The happy return to popularity of hardy ferns which can be grown in an otherwise difficult and almost uninhabitable shady garden corner where they can make such wonderful foils to hostas and other broad-leaved neighbours, means that collectors of material for drying should be in their element. Ferns of all kinds, shapes and sizes can form a most attractive feature in driedand should be grown as extensively as space will permit; they are valuable either fresh or preserved. Here again, however, a conflict of interests may arise between the gardener on the one hand, in defence of his precious collection of ferns which act as all-important, labour-saving “ground-cover” in his battle against weeds, and the floral arranger on the other hand, in quest of the beautiful green fronds which must be picked while the sap is still on the rise – and therefore well before they start to arch and spread in the heavy tangled mass which is perfect for ground protection!
Alternatively, of course, anyone picking ferns for flower, whether fresh or dried, will find much to delight him in the tender green-house and conservatory species which now, alas, are far less available than they were, being largely confined, when grown for decoration, to botanical gardens where the necessary tropical atmosphere can be provided.
The flower arranger, however, cannot afford to relax his pursuit of such a necessary commodity and will, if wise, exert all his efforts to obtain an ample supply. Fortunately there are now several authorities on the culture of cultivated ferns to whom he can refer.
In wild life, the great fern families, such as Filices, are well worth exploring. It is a very large order, abundantly diffused over the surface of the globe, especially in moist climates (although some species are found growing in the chinks of rocks, in extremely hot climates). Great Britain, luckily, has a natural abundance of their riches, including such gems as Adiantum,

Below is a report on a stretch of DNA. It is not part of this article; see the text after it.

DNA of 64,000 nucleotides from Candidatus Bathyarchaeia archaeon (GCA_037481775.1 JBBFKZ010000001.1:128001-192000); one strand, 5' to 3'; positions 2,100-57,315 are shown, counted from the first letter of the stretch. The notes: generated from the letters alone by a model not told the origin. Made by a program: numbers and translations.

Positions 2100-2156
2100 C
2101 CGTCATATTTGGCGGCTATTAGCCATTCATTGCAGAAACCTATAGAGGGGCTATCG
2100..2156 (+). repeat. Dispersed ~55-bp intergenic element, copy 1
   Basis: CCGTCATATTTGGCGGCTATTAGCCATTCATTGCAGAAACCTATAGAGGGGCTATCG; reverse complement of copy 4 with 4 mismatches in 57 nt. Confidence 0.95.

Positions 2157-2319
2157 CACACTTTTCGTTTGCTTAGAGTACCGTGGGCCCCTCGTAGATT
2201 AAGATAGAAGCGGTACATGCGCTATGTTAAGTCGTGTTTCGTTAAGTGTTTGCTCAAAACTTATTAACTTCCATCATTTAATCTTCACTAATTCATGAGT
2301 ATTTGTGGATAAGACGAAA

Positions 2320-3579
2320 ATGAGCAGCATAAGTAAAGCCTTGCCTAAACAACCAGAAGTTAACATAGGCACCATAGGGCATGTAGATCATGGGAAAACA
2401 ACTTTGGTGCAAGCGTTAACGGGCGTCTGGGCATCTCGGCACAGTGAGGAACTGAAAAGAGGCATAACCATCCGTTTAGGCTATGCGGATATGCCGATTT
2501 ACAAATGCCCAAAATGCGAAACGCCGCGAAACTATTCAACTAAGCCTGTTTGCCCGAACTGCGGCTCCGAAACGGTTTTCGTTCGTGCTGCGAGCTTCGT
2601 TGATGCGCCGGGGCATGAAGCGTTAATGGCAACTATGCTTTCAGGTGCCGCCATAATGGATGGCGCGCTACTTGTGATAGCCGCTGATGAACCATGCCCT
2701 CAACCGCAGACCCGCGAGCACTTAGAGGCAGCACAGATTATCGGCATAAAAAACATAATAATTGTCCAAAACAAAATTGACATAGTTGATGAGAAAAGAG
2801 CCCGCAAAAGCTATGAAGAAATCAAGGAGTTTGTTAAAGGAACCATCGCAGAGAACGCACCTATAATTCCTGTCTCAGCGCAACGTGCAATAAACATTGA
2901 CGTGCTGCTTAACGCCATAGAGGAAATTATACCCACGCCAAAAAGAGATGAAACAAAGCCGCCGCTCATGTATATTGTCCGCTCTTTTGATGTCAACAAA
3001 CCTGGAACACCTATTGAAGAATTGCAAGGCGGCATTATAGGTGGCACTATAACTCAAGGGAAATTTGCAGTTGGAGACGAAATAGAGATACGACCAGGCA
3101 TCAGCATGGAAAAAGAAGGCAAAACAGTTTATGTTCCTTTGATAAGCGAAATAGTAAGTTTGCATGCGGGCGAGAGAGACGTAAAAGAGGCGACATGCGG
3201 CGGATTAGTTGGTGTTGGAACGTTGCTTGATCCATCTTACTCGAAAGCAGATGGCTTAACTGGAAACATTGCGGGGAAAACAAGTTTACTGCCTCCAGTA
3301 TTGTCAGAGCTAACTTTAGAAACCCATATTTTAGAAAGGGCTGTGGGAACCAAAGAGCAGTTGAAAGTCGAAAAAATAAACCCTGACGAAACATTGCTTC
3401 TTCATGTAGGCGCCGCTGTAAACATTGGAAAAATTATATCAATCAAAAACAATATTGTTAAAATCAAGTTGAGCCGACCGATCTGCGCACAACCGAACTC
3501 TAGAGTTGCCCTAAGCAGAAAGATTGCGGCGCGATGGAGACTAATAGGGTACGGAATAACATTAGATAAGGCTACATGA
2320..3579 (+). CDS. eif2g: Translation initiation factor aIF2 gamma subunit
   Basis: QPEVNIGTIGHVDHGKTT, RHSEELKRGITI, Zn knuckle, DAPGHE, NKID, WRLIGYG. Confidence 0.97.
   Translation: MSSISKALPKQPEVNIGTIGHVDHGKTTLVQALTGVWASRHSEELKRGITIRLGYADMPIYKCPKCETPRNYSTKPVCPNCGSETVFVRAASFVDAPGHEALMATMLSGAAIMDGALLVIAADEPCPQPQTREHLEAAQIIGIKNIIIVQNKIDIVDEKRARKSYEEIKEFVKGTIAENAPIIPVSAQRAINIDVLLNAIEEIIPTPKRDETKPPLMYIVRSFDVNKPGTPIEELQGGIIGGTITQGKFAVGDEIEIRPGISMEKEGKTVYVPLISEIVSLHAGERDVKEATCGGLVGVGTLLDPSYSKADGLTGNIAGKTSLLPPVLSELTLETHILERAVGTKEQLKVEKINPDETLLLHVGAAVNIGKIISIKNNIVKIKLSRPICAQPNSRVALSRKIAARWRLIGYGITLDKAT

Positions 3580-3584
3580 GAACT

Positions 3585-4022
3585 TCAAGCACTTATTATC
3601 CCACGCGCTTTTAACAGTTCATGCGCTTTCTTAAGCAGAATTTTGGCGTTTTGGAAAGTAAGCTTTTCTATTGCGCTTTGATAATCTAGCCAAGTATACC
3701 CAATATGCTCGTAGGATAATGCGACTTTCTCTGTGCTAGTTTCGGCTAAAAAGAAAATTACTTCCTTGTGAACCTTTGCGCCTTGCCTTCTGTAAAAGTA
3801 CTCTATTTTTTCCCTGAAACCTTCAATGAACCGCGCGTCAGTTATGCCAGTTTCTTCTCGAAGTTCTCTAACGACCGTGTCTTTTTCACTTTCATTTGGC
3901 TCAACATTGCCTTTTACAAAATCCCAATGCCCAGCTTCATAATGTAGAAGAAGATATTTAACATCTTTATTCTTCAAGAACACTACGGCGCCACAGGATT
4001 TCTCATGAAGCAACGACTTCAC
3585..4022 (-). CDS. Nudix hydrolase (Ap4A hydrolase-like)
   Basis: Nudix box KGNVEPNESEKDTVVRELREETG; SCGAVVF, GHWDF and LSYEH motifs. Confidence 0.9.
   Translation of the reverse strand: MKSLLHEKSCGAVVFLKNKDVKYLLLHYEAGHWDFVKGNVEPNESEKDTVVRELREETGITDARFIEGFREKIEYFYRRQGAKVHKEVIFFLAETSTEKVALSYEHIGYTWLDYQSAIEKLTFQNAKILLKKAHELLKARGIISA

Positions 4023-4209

Asplenium (Splecnwort), the Polypodium genus (Polypody), Polystichum Braunii (Shield-Fern), Cystopteris (Bladder-Fern), Ophioglossum (Adder’s-Tongue), Botrychium (Moonwort), Phyllitis Scolopendrium (Hart’s-Tongue), and many more. The collector of these enchanting fronds requires a sharp penknife and a fine polythene bag in which to carry his harvest home, flat, before giving them a final pressing between sheets of blotting paper. With such a stock in store, the ultimate dried arrangement should be truly entrancing. This is especially true in the case of the tinier fronds – no more than a few inches high; they could be set in a carpet of club-mosses or selaginella or curly grey lichens, with a selection of wild grasses of the bent, timothy or rye types, and maybe some specially chosen-heads of winter aconites, grape- , fritillaries or columbines – or why not a clump of blue gentians preserved in full bloom?
For illustrated descriptions of these wild ferns, there can be no better reference than Bentham’s Illustrated Handbook of British Flora, Volume II.
Like ferns, happily now reappearing in many gardens, mosses really require more attention than the cursory mention meted out to them here. They have been the cinderellas of the growing world for long enough, and the dried flower worker would do well to concentrate on making a collection of these fascinating plants, so invaluable for the base of arrangements.